click for homepage

The Barcelona Review

Author Bio


When You Leave Walk Out Backwards

I was past forty when I fell in love for the first time.  I’d advertised in the personals—this was before online dating, before swishing through the headshots of strangers had become a social activity—but I wasn’t actually expecting love. What I was hoping for was less the arrival of love, more the end of misery.  I wasn’t bored or looking for a fling, I was dead to the bone lonely. And then, loping along in his wheat-coloured cords, came Henry.
            Henry made me new and exciting, and isn’t that why people want to fall in love, so they can look at their dull old reflections and imagine they’ve just stepped onto the planet fresh, risen like the lady from the lake?  Hi, my name is Wendy, I’m very pleased to meet you.  No, let me put that another way, I’m very pleased to be met.  Take me in.  Watch me open like a gardenia.
            He always said he fell in love with my voice; he liked the way my accent had softened from years of living on this island as if the sea were working up against its edges.  Sometimes, when his funny English manners frustrated me, I’d play up my native voice.  I had one particular little phrase for him, knowing it would make him smile: ‘You’re a piece of work,’ I’d tell him.  Henry Fairweather, you’re a pieceawork!
            And now?  He’s dead.  Heartattack.  Whadayaknow.  One Sunday night when we’d finished our risotto, a meal that requires the kind of stirring you never do for one, and I was in the kitchen rinsing plates.  From the other room a groan and a bang as his forehead struck the table.  My hands still wet from the sink, grasping at his shoulders to heave him up like a great fish, shouting in the struggle.  But he slid back down into the murk and was gone.

Grief is constant fear, it’s walking around all day with a lump in your throat as if you’re about to address five thousand people.  It’s feeling afraid even when you’re safe in your house with the central heating on.  Grief is insomnia.  Grief is panic you can’t put a lid on.  After the funeral I began to find those Grief is…moments everywhere, tucked away like soured love notes.  Grief is…Never having to say you’re sorry (no one to apologise to). Grief is…Never needing to shave your armpits (who’s going to look?). Grief is…eating alone…finding his sock behind the radiator…forgetting his laugh.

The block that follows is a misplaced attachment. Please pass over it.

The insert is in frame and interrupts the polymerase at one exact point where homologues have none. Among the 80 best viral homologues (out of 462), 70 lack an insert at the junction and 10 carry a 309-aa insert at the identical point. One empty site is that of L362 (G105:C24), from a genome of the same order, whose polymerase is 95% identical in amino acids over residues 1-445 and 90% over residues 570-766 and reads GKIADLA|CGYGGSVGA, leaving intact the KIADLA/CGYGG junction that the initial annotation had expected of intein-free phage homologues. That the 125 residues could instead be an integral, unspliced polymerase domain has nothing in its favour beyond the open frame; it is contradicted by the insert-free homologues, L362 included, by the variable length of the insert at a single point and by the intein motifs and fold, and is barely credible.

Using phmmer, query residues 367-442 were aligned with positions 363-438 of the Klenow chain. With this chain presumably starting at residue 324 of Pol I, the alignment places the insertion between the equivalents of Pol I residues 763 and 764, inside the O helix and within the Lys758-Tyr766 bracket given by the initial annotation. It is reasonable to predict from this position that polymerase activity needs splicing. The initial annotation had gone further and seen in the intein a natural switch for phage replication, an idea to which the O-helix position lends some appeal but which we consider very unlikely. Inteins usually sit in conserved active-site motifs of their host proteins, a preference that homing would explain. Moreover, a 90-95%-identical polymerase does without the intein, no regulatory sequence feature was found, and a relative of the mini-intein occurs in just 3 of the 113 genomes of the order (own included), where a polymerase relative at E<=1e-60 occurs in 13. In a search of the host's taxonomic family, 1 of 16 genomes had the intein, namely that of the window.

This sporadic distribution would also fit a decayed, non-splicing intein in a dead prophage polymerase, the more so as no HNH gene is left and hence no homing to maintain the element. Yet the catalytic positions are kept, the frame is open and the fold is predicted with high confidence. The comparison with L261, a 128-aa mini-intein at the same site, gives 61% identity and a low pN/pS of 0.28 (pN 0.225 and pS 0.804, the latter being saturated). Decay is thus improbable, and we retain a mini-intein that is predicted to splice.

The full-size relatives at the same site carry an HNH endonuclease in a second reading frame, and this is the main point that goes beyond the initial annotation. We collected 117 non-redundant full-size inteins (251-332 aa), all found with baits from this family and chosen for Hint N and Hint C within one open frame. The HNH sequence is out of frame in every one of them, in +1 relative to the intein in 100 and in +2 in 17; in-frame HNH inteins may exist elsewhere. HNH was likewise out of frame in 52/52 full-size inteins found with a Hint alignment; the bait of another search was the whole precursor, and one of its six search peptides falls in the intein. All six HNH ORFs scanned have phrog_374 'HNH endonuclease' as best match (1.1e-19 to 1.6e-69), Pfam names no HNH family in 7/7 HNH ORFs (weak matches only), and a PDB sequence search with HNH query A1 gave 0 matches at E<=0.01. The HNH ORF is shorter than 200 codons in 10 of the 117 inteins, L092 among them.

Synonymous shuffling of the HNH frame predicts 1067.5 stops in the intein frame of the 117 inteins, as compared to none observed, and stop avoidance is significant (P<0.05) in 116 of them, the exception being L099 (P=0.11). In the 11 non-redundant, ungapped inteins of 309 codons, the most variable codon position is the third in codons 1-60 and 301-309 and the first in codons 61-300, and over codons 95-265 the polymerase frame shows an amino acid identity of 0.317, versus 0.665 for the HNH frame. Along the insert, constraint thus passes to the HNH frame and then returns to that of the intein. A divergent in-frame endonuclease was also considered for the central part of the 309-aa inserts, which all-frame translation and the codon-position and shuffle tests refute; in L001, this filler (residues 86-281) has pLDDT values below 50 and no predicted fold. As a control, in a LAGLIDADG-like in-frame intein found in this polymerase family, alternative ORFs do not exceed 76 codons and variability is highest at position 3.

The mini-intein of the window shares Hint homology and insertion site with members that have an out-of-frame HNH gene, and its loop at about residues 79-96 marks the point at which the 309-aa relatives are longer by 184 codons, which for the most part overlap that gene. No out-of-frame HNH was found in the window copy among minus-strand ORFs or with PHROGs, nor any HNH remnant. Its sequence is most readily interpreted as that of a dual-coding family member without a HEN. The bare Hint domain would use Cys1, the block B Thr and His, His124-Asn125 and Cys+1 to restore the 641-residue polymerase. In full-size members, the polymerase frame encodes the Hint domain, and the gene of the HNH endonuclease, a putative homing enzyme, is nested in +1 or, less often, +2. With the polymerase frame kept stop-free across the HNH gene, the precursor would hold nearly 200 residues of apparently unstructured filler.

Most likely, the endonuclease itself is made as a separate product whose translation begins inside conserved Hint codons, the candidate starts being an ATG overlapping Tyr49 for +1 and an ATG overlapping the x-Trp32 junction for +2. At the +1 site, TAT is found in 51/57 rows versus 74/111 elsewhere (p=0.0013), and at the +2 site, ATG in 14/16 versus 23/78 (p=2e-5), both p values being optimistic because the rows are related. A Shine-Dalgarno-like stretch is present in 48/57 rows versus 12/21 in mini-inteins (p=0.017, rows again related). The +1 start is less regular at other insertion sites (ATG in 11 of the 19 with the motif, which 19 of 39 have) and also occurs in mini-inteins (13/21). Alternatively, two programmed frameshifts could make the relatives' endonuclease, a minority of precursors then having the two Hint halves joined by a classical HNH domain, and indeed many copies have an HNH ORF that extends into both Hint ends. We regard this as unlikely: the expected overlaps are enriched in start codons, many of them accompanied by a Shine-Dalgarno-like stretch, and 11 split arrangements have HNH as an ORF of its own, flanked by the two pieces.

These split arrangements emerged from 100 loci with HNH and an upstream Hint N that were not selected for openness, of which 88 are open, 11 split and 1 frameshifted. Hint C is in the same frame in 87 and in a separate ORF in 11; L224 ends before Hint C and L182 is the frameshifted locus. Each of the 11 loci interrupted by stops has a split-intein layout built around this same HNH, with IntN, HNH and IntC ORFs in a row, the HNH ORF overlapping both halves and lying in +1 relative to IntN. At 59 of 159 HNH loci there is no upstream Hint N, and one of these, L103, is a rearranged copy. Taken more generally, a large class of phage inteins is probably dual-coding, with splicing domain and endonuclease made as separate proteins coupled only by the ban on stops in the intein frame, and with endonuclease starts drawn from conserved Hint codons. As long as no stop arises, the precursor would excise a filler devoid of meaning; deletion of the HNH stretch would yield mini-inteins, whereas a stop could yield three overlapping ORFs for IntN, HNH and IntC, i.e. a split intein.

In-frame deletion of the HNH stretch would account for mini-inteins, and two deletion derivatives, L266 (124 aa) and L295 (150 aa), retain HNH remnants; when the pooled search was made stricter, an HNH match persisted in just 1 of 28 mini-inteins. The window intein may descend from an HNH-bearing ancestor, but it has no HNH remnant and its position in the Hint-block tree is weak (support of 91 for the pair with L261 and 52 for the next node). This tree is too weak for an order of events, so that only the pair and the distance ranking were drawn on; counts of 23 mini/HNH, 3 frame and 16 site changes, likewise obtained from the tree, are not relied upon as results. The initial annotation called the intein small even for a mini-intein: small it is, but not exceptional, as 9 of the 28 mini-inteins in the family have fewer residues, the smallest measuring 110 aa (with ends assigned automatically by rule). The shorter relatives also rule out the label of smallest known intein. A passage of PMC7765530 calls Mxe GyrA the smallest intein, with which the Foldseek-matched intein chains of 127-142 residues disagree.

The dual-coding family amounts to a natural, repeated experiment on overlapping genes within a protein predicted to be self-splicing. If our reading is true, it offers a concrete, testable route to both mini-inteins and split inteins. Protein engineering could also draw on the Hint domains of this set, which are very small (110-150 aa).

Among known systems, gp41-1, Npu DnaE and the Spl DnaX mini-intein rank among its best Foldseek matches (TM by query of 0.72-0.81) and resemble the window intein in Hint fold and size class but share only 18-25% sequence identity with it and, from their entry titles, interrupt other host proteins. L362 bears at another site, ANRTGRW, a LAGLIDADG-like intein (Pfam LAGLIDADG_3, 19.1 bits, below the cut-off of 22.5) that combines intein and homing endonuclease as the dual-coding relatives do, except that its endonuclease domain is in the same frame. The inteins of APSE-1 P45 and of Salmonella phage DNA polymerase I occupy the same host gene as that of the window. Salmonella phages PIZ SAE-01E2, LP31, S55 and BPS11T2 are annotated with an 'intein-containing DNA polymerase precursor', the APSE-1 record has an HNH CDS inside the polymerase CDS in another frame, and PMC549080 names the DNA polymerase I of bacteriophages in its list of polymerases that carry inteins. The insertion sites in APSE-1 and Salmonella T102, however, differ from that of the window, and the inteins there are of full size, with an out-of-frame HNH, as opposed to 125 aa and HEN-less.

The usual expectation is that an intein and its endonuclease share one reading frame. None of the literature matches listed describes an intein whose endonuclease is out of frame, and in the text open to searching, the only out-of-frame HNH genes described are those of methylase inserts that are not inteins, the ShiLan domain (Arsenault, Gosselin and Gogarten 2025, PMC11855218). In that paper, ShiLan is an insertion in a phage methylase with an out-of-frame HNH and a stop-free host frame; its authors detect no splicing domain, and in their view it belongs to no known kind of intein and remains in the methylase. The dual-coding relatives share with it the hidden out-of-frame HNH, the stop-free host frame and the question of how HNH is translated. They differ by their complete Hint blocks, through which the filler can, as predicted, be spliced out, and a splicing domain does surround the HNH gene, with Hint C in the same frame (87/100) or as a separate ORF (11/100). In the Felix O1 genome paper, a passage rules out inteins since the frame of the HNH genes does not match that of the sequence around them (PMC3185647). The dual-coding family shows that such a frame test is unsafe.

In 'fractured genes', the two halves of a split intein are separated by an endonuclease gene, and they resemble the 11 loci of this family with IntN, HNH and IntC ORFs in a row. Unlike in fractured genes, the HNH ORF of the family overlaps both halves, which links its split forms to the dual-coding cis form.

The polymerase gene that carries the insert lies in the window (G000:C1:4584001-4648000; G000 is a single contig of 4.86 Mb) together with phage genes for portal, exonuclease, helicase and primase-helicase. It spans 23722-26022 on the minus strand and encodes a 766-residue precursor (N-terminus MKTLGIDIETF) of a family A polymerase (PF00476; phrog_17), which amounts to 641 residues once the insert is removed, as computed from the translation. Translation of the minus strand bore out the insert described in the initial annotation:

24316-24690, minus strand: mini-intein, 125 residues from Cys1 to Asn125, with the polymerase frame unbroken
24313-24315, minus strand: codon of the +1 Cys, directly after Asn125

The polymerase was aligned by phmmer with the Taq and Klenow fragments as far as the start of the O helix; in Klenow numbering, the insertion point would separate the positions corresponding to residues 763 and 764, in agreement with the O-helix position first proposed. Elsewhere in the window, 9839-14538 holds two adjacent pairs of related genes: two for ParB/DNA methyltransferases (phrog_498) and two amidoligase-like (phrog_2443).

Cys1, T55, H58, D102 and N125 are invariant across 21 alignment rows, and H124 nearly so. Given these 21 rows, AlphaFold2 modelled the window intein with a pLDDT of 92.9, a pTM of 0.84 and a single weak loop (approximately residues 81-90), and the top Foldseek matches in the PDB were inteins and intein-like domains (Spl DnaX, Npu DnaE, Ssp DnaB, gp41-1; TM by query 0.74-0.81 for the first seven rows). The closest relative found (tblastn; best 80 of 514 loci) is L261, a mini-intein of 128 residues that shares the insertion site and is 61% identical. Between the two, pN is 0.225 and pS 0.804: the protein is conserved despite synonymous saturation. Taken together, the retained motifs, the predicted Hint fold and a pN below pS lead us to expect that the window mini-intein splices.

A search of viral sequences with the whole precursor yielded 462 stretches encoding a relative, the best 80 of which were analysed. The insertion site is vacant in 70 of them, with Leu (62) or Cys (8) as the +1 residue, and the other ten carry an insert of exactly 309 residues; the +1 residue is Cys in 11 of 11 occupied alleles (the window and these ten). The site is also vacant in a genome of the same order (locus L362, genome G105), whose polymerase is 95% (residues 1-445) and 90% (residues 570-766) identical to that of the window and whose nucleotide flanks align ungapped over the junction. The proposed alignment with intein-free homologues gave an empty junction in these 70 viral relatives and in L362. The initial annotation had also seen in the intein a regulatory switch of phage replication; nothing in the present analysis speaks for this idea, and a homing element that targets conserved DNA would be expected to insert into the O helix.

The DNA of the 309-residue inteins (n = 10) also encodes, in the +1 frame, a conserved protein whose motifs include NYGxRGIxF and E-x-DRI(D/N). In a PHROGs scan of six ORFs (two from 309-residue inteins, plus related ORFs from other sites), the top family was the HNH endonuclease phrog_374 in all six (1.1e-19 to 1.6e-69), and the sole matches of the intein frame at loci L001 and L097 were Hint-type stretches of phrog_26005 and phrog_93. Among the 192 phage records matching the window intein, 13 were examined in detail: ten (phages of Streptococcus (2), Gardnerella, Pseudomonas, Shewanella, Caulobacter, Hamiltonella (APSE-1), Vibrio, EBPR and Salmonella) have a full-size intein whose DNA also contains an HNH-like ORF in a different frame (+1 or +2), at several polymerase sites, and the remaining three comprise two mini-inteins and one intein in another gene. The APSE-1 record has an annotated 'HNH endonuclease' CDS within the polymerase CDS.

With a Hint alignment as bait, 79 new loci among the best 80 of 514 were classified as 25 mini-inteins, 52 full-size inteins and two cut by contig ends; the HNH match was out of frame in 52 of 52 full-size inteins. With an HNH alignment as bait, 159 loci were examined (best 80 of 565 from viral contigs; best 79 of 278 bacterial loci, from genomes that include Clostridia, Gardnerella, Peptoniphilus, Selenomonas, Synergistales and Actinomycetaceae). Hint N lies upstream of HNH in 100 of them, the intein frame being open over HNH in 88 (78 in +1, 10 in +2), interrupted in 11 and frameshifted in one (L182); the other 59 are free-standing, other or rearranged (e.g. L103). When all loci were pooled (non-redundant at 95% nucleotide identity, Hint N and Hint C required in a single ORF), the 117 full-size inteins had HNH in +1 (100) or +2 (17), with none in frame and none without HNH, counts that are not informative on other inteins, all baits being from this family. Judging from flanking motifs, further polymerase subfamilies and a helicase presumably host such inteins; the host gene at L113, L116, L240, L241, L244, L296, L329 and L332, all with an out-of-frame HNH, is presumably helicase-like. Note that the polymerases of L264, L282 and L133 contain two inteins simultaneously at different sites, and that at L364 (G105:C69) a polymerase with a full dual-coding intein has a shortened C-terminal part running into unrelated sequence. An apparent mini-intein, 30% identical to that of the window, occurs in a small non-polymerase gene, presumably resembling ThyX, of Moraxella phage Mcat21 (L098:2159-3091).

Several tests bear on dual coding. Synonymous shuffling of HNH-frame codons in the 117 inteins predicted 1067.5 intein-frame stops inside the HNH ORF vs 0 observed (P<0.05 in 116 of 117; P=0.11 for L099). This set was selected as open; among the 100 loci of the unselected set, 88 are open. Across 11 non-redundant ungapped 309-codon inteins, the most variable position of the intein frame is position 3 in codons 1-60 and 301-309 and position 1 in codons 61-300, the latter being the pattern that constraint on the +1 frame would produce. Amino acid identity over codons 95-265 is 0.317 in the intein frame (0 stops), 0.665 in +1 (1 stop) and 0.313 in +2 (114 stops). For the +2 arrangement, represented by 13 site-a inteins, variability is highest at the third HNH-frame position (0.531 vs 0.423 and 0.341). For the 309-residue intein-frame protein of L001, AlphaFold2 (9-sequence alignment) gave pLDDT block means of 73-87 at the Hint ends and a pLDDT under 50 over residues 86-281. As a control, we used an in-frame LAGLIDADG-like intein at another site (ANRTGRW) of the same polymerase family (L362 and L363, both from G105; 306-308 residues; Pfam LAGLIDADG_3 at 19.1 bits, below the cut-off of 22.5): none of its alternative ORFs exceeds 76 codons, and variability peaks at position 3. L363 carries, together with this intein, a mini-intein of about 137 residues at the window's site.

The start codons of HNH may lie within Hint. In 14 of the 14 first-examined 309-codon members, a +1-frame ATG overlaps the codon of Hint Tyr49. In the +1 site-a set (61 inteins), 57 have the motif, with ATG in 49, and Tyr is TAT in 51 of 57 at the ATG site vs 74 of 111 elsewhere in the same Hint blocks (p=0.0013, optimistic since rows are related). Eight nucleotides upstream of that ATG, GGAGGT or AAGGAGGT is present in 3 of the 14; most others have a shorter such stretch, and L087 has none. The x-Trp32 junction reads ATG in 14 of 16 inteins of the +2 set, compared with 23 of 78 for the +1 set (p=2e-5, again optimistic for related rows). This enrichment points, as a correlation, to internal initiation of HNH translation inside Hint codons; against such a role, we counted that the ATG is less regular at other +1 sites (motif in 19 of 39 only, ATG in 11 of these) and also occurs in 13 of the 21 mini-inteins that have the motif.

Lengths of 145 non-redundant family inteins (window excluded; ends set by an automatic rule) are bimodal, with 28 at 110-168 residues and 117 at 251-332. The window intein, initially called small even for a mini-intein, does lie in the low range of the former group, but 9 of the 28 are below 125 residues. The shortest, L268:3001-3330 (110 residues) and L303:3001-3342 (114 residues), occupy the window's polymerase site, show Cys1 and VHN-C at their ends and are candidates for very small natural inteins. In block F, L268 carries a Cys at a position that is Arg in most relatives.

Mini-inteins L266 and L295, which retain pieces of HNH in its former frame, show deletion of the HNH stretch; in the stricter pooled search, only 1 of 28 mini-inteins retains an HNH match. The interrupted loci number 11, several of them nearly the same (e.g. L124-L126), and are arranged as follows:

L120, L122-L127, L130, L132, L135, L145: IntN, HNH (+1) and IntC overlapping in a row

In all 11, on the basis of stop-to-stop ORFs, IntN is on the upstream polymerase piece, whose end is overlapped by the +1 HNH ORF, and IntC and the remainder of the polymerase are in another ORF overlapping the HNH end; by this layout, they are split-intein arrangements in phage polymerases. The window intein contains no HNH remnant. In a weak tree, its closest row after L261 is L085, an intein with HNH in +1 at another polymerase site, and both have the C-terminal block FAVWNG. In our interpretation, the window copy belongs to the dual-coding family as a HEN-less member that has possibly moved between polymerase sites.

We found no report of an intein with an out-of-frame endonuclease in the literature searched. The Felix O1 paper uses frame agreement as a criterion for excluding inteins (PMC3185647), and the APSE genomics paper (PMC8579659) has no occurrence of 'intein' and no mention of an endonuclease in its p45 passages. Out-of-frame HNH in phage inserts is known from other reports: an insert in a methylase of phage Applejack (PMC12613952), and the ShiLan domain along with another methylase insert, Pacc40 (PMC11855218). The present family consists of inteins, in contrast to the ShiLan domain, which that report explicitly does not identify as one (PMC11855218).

Henry died and where did that leave me?  It left me living my cartoon life of grief.  It left me here boxing cakes full-time in this crappy little place that some of the more well-to-do residents insist on calling a village.  The church has been vandalised.  Young men gather outside the pub and talk aggressively into mobile phones, their white sneakers shining like hooves, faces hard under their baseball caps.  I walk quickly when I pass, away from the bakery, the off-licence, the hairdresser with its sepia posters, down under the railway bridge, beyond the scrub of grass (‘the green’) towards home.  The same walk again next morning to step into another day of floury drudgery.  A widow with a lot of bad debt and her love swirled away.
Debt.  Yes, the debt.  Henry had been given a mug on his sixtieth birthday: ‘Gamblers never retire, they just get spent’ (ha ha ha).  Everyone knew he liked a punt, a flutter.  But only I knew the truth, or thought I did.  The real truth, the actual truth, was that Henry had been quietly putting everything he owned—and didn’t own—onto horses, dogs, wheels, cards; on anything that ran or span or flashed, in a bid to make a great loss smaller.  But the cavity only deepened, as cavities will.

Something else happened after Henry died—I began to see old women everywhere.  One afternoon in the supermarket queue I stood before a bent old woman, her hunch so soft under her coat you might have squeezed and expected sponge.  She had a newspaper and a little batch of pink and yellow cakes with white frosting, and that was all.  I had a basket of shopping. 
            ‘Go ahead,’ I said, offering up my place.
            But she stood locked to her spot as if she didn’t hear.  Then I realised—she liked standing in the queue beside people, looking at their groceries, little pieces of their lives she could nibble on.  Once I’d paid for my stuff it would leave her alone with the checkout girl and she’d have longer to make conversation without the weight of someone else’s precious time pressing up against her poor bent back.  She scared me, she scared me and she helped me decide.  After I’d packed and paid, I loitered near the cigarette counter and watched.  Yes, my darling, you would have put money on it; she was seated now, reading the newspaper, holding in her cabbage-leaf hands one of the pink and yellow cakes, safe for a while among the warm-blooded strangers.